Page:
The two complemented each other well although their first tour was less than memorable, when an under-strength England were thrashed by record margins in Australia and New Zealand.

By the 1999 World Cup, the England pack had emerged as among the best in the business.

Mitchell's two-year influence can still be seen today, with several members of the current English pack still loud in their praise of his work there.

Mitchell returned home in 2001 and was offered the coaching role at the struggling Chiefs Super 12 franchise, immediately helping them climb from bottom of the table to sixth in his only year in charge.

To many, one season of coaching achievement in New Zealand should not be enough to become All Blacks coach but when Smith took the unusual option of reapplying for his own position, the New Zealand Rugby Union gambled by naming Mitchell as his replacement.

Mitchell's first squad to tour Ireland and Scotland at the end of 2001 contained a number of surprises, including the axing of All Blacks regulars Randell, Cullen and Jeff Wilson.

His decision not to give former captain Randell a courtesy call before dropping him caused huge ructions. It was a pointer to the single-minded approach Mitchell has made a hallmark.

His first-choice 2002 squad were based almost exclusively around the unbeaten Crusaders Super 12 side, a selection technique that saw provincial bias bubble to the surface amongst the public.

The All Blacks won the Tri-Nations but again failed to lift the Bledisloe Cup thanks to a late Matt Burke penalty in Sydney.

Critics said the All Blacks needed more. Was there a Canterbury bias?

Did coaching co-ordinator Deans have too much input? Was this the right gameplan to win the World Cup?

Auckland's emergence in the NPC aided Mitchell's most daring selectorial move when he rested most of his Canterbury incumbents and took a young, untried squad on the 2002 end-of-year tour to England, France and Wales.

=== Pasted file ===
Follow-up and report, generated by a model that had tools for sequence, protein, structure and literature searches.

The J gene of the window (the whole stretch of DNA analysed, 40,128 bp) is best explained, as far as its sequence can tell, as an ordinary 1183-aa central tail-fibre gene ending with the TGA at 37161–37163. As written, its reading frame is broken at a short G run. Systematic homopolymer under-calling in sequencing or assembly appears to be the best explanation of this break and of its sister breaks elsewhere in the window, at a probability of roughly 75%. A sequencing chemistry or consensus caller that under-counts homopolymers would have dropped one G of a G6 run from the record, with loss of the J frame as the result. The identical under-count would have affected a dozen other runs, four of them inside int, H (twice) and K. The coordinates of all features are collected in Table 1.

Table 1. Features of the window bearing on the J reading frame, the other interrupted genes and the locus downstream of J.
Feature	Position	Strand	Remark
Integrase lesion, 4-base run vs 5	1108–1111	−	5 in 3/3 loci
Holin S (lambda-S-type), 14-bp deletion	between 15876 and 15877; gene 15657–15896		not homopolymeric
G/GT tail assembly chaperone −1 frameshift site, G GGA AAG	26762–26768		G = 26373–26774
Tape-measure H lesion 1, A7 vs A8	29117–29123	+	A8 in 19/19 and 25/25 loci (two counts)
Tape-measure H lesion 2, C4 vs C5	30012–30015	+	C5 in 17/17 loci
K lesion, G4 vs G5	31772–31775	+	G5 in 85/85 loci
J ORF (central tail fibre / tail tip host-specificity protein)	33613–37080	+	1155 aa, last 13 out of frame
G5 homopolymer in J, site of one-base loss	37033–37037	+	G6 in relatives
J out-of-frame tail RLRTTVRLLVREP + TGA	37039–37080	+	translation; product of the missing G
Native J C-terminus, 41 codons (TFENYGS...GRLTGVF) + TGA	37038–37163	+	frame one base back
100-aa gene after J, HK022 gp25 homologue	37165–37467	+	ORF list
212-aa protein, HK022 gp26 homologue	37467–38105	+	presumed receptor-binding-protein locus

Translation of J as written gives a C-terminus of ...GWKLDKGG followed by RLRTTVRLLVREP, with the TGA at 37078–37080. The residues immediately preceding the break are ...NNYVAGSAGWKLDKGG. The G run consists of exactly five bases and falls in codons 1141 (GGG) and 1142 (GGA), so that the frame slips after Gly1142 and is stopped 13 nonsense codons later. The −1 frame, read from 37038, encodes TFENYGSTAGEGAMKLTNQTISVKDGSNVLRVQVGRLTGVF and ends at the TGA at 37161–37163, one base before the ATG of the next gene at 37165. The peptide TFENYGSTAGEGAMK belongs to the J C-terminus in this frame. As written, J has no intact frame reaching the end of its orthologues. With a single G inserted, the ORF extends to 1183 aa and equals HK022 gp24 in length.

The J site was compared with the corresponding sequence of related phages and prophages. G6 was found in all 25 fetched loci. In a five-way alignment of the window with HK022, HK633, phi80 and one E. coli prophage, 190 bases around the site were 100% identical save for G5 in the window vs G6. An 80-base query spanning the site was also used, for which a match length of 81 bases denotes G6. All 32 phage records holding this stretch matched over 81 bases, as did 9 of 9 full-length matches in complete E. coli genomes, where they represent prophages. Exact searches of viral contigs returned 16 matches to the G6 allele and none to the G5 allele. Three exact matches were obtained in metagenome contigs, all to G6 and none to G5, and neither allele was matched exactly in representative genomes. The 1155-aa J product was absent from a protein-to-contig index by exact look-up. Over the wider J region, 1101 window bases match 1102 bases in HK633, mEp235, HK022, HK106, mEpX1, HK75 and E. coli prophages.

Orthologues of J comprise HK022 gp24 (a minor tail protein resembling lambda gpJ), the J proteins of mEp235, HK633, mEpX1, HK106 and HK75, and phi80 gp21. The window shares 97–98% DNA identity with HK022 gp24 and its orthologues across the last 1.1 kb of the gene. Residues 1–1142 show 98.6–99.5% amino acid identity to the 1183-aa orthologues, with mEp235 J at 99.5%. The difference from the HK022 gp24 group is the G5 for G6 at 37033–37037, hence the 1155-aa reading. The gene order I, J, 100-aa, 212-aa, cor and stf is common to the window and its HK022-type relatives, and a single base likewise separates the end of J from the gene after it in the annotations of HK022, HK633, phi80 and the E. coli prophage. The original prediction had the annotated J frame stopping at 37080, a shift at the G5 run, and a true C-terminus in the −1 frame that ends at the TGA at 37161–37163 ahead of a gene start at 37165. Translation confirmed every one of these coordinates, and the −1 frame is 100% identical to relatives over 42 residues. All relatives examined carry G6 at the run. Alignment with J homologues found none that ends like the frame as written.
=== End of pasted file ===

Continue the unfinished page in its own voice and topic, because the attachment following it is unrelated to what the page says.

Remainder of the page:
This was greeted with a mixed reaction, as were the results of the tour, including a loss to England and a draw against France.

When the Blues -- featuring several of Mitchell's surprise tourists -- won the Super 12 this year it justified his selections.

His All Blacks squad this year have featured a wider mix, although they still comprise a large contingent from Canterbury and Auckland.

Aside from the mysterious dropping of former captain Anton Oliver, Mitchell has stayed faithful to virtually the same players right through 2003.

And why not? Apart from losing the season opener to England and a stuttering win over France, New Zealand have won in style this year, defending their Tri-Nations title and reclaiming the Bledisloe Cup after five years' residence in Australia.

Mitchell has garnered a record of 17 wins, three losses and a draw from 21 tests, more than impressive for most modern coaches.

He will win four more in World Cup pool play but he knows the All Blacks will need another three to ensure his own "journey" can continue.

John Mitchell factbox

- Born in Hawera, Taranaki on March 23, 1964.

- Attended Francis Douglas Memorial College, New Plymouth

- Played for Waikato in the national basketball league and was a national junior representative in that sport

- Played 134 rugby games for Waikato during a 10-year representative career from 1985-94. Was captain 86 times, a Waikato record. Scored 67 tries, a record for Waikato forward

- Selected for the All Blacks on the 1993 tour of Scotland and England, playing six games and leading the unbeaten midweek side

- Took up professional coaching with England's Sale club in 1996, later briefly coached London Wasps

- Co-opted by coach Clive Woodward to act as assistant coach for England from 1997-2000

- Coached the Chiefs Super 12 franchise in 2001

- Was named All Blacks coach in October, 2001, succeeding Wayne Smith

- Has a record of 17 wins, three losses and one draw with the All Blacks. Has twice won the Tri-Nations series and this year reclaimed the Bledisloe Cup